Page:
User talk:SonPraises

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Hello, and welcome to Wiktionary. Thank you for your contributions. I hope you like the place and decide to stay. Here are a few good links for newcomers:

I hope you enjoy editing here and being a Wiktionarian! By the way, you can sign your name on Talk (discussion) and vote pages using four tildes, like this: ~~~~, which automatically produces your name and the current date. If you have any questions, see the help pages, add a question to one of the discussion rooms or ask me on my Talk page. Again, welcome! --EncycloPetey 09:04, 20 July 2007 (UTC)

Please be careful to put section headers at the correct level. Only languages should ever be at level two. Synonyms should be at level 4, under the appropriate part of speech. --EncycloPetey 09:48, 20 July 2007 (UTC)


Are you sure that Xerox, with the capital "X", is used with the senses you recently added to Xerox? We have that information at xerox, and it should only be included at Xerox if the capitalized version is in use with those senses. —RuakhTALK 14:50, 20 July 2007 (UTC)


The way you have this set up, it means that there are different definitions for this word in diffeent countries. I suspect you meant to put the two "definitions" on a single line, since they mean the same thing. --EncycloPetey 00:40, 24 July 2007 (UTC)

Good work.[edit]

In case no one else has mentioned it, you're doing good work here. Thanks! bd2412 T 04:25, 24 July 2007 (UTC)


Hi there. The adjective is long-suffering - but the noun is fine. SemperBlotto 10:24, 11 August 2007 (UTC)

take a bath[edit]

Hi. We haven't exchanged comments before, but I just noticed your entry. This has been discussed in a separate area and expressions such as this are now found in Appendix:Collocations of do, have, make, and take If you look at bath you will see the usage note there. Cheers. -- Algrif 16:53, 18 August 2007 (UTC)

Great. Sense 2 makes that OK now. -- Algrif 13:27, 19 August 2007 (UTC) My apologies. I was working too quickly and didn't notice sense 2 was already there since May. Algrif 13:32, 19 August 2007 (UTC)

phrasal verbs[edit]

Hi. I notice that you, like myself, like to add phrasal verbs. It is a wonderfully free playground for us at the moment!! :-) One suggestion. Could you remember to put [[Category:English phrasal verbs]] into the entries?. Cheers. -- Algrif 17:29, 1 September 2007 (UTC)


I noticed you added the following example to mano:

Panjo laboris ĝis ŝiaj manoj sangitis.

In that sentence, is sangitis supposed to represent some sort of aspectual variation of the past tense (-ita + -is)? I wasn't aware that Esperanto used such a construction. Rod (A. Smith) 03:54, 18 October 2007 (UTC)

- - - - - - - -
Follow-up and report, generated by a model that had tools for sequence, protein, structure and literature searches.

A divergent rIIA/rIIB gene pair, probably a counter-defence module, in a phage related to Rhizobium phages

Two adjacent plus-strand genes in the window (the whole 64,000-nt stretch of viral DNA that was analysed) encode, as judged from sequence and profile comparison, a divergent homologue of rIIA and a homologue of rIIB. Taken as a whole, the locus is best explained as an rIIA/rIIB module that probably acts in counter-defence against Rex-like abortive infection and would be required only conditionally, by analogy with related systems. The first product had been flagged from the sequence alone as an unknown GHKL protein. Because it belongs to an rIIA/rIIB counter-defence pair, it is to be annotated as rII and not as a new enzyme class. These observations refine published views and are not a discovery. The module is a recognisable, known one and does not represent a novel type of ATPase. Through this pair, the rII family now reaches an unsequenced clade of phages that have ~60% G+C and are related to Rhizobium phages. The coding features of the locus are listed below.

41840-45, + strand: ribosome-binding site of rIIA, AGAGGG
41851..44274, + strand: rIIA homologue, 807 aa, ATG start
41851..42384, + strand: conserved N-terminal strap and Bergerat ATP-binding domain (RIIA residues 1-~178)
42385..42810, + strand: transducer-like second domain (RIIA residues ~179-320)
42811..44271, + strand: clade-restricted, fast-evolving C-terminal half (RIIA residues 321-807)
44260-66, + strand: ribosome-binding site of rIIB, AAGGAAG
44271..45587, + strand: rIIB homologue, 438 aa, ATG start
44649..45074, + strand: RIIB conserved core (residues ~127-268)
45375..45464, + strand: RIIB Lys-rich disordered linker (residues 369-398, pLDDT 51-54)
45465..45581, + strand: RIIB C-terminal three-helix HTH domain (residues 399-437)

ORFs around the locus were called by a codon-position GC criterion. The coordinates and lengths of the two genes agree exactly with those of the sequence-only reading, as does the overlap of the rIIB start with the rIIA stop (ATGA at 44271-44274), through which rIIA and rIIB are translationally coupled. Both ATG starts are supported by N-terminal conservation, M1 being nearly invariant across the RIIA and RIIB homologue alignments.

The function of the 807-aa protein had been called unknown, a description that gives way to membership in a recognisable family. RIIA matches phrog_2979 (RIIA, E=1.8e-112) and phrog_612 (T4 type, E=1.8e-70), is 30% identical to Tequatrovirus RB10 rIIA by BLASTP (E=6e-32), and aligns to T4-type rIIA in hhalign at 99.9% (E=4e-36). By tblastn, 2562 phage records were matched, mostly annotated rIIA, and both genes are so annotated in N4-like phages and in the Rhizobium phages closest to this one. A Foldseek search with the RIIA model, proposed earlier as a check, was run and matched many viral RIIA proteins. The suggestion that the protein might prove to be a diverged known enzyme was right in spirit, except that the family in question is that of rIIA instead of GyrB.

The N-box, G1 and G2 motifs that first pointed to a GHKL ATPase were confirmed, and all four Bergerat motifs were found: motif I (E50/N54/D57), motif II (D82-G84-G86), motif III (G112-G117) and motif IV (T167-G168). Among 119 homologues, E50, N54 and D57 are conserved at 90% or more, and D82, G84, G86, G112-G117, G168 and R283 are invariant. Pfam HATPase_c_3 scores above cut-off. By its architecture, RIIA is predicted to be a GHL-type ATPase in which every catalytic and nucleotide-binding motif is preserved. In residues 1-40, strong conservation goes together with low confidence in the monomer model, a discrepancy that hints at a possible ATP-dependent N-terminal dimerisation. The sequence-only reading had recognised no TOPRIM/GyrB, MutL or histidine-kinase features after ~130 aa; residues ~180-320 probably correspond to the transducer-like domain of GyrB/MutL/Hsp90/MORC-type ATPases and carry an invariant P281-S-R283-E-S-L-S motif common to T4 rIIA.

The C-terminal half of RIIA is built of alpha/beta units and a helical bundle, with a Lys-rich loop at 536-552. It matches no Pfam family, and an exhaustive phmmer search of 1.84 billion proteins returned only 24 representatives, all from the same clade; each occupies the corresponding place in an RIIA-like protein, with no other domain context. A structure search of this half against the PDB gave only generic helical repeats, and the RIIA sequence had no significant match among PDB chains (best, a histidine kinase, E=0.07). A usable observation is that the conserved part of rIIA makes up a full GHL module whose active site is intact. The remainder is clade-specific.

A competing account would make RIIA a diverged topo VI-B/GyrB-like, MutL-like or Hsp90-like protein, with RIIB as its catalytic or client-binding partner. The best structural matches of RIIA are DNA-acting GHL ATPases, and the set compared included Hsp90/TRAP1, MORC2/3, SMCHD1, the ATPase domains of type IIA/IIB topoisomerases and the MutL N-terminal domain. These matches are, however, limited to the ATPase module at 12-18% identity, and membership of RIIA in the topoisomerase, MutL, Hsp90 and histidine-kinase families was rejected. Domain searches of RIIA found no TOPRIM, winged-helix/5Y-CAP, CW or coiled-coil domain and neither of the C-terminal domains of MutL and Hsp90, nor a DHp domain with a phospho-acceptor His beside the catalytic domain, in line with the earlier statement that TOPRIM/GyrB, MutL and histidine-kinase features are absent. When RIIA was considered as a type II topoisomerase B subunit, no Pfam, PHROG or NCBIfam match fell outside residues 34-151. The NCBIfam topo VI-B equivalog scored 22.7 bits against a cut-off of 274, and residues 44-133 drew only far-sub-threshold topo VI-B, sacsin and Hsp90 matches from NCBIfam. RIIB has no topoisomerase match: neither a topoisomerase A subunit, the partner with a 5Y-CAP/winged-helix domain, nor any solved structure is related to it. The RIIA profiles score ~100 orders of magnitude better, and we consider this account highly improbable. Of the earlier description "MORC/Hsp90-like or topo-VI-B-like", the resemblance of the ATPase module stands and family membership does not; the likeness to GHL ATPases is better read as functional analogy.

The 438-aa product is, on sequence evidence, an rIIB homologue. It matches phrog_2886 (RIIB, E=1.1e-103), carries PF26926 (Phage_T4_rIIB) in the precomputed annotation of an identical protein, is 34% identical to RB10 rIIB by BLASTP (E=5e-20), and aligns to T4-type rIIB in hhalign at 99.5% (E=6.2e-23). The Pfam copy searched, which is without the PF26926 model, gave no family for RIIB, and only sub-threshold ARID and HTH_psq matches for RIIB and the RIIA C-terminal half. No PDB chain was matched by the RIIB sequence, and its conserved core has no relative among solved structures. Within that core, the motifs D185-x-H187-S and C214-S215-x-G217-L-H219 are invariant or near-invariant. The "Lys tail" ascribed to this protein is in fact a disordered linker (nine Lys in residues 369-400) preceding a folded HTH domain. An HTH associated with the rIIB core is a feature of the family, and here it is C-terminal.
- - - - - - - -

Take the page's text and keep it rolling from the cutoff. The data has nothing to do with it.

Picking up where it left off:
Hello SonPraises -- Thanks for adding that very appropriate quotation from Housman. I reworked your edits a bit to conform more closely to wiktionary standards and usual practices for quotations at WT:QUOTE. I hope these changes serve as useful examples for you. Respecfully -- WikiPedant 19:45, 30 July 2008 (UTC)


When you nominate a word, please check first to see whether it has already been used. This is noted by a template at the top of the entry that provides the date on which the word was used. Words that have been featured are not used again.

By the way, Mexico's Independence Day is 16 September, not 5 May. --EncycloPetey 22:36, 10 April 2009 (UTC)


This word does not make grammatical sense in Esperanto. -aĉa is a suffix, not a prefix.

The word is: odoraĉo/-i/-a

I'm going to move the pages and correct the words, if that is ok. -Erolos 12:16, 18 May 2009 (UTC)

  • Thanks for the reply, even if you did put it on my user page and not my user talk! I checked, which is why I posted this - the Lernu dictionary recognises odoraĉi as a word, but when i search aĉodoro it comes up with the result that occurs when you string morphemes together:
-aĉa (aĉ·a)
awful, rotten, terrible
odori (odor·i)
to smell, to give off an odour, to reek
as opposed to
odoraĉi (odor·aĉ·i ← odor·i)
to smell bad, to stink, to reek
Also, lists odoraĉi and has no aĉa- prefixed words.
I don't think Google works as a good indication because it recognises the "acodoro" as much as "aĉodoro", and in fact none of the Google results for "acodoro" seem to be within Esperanto literature, whereas of the 330 results for "odoraĉo" are included uses within the Esperanto wikipedia.
I agree that malbonodoro and fetoro are more common and correct, but i do think that acodoro should be moved to odoraĉo.
Thanks again for the discussion. -Erolos 21:37, 21 May 2009 (UTC)


You seem to have left this project about four and a half years ago, but just in case you ever return, I thought I'd leave you this message. I've spent quite a bit of time in the past few months correcting error-filled Esperanto example sentences that you added (a few examples: [1][2][3]). If you ever return to Wiktionary, please be more careful when adding Esperanto. —Mr. Granger (talkcontribs) 02:54, 23 February 2014 (UTC)